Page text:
The doomsday narrative is a tired one. Pick your poison on how the world ends: asteroids, killer viruses, alien invasion, zombies. All have their day in the world of fiction, not to mention in movies and television shows. I wasn't really sure what to expect from Peter Heller's The Dog Stars, except that it was different.

In The Dog Stars, it's an epidemic that decimates the world, killing off 99 percent or so of the human population. Nothing special there. But wait.

The book starts with our protagonist, Higs, barricaded in a compound with his dog, Jasper, and a humorously rancorous neighbor, Bangley, a loner who is good with guns and shows no mercy, a survivalist type. Higs and Bangley spend their days fortifying their compound, making sure they have enough provisions—gathered from a small vegetable garden tended by Higs and whatever they can hunt, deer and elk. The banter is sharp between these two men and their interaction is one of the touching aspects of the book. Bangley is largely a misanthrope but Higs still holds on to something—it's not hope per se, but a view of the world that is still quaintly earnest, poetic, given the horrors. He sees beauty even as the world has slipped into a barbaric state.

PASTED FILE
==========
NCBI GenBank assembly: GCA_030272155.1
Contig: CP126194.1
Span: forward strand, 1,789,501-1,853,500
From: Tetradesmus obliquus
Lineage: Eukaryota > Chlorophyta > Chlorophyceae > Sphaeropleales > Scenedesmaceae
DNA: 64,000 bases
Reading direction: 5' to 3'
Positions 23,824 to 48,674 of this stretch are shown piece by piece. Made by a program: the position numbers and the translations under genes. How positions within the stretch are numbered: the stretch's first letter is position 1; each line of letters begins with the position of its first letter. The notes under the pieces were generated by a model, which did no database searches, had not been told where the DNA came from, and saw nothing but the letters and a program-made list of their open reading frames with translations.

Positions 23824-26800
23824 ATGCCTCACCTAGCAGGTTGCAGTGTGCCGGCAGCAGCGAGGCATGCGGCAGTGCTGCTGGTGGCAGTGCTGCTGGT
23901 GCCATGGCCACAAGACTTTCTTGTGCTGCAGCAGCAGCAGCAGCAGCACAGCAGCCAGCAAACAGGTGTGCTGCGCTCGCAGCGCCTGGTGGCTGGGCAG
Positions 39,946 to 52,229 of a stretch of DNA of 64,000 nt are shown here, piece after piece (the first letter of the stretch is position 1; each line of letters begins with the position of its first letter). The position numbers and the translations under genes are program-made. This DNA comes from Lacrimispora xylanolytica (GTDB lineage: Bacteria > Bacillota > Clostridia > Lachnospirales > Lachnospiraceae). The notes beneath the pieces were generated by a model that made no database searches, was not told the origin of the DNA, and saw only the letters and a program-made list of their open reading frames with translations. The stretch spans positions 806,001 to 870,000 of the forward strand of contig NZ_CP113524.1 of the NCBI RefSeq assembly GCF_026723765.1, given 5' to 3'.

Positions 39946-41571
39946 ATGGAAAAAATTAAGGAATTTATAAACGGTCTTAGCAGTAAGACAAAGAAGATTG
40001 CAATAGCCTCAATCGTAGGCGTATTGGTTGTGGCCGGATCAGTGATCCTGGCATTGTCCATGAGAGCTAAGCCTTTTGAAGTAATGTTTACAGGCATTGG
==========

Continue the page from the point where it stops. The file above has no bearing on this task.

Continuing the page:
It's a luminous world Heller paints. It is the end of times and yet the end is rich and full of beauty and grace. Heller is a nature/environmental writer and his descriptions of the natural world are evocative. Example: "[The moss] is dry and light to the touch, almost crumbly, but in the trees it moves like sad pennants." It's almost as if a world purged of humans is actually a purer, more beautiful one. As Bangley says, "We are like kings. It took the end of the world."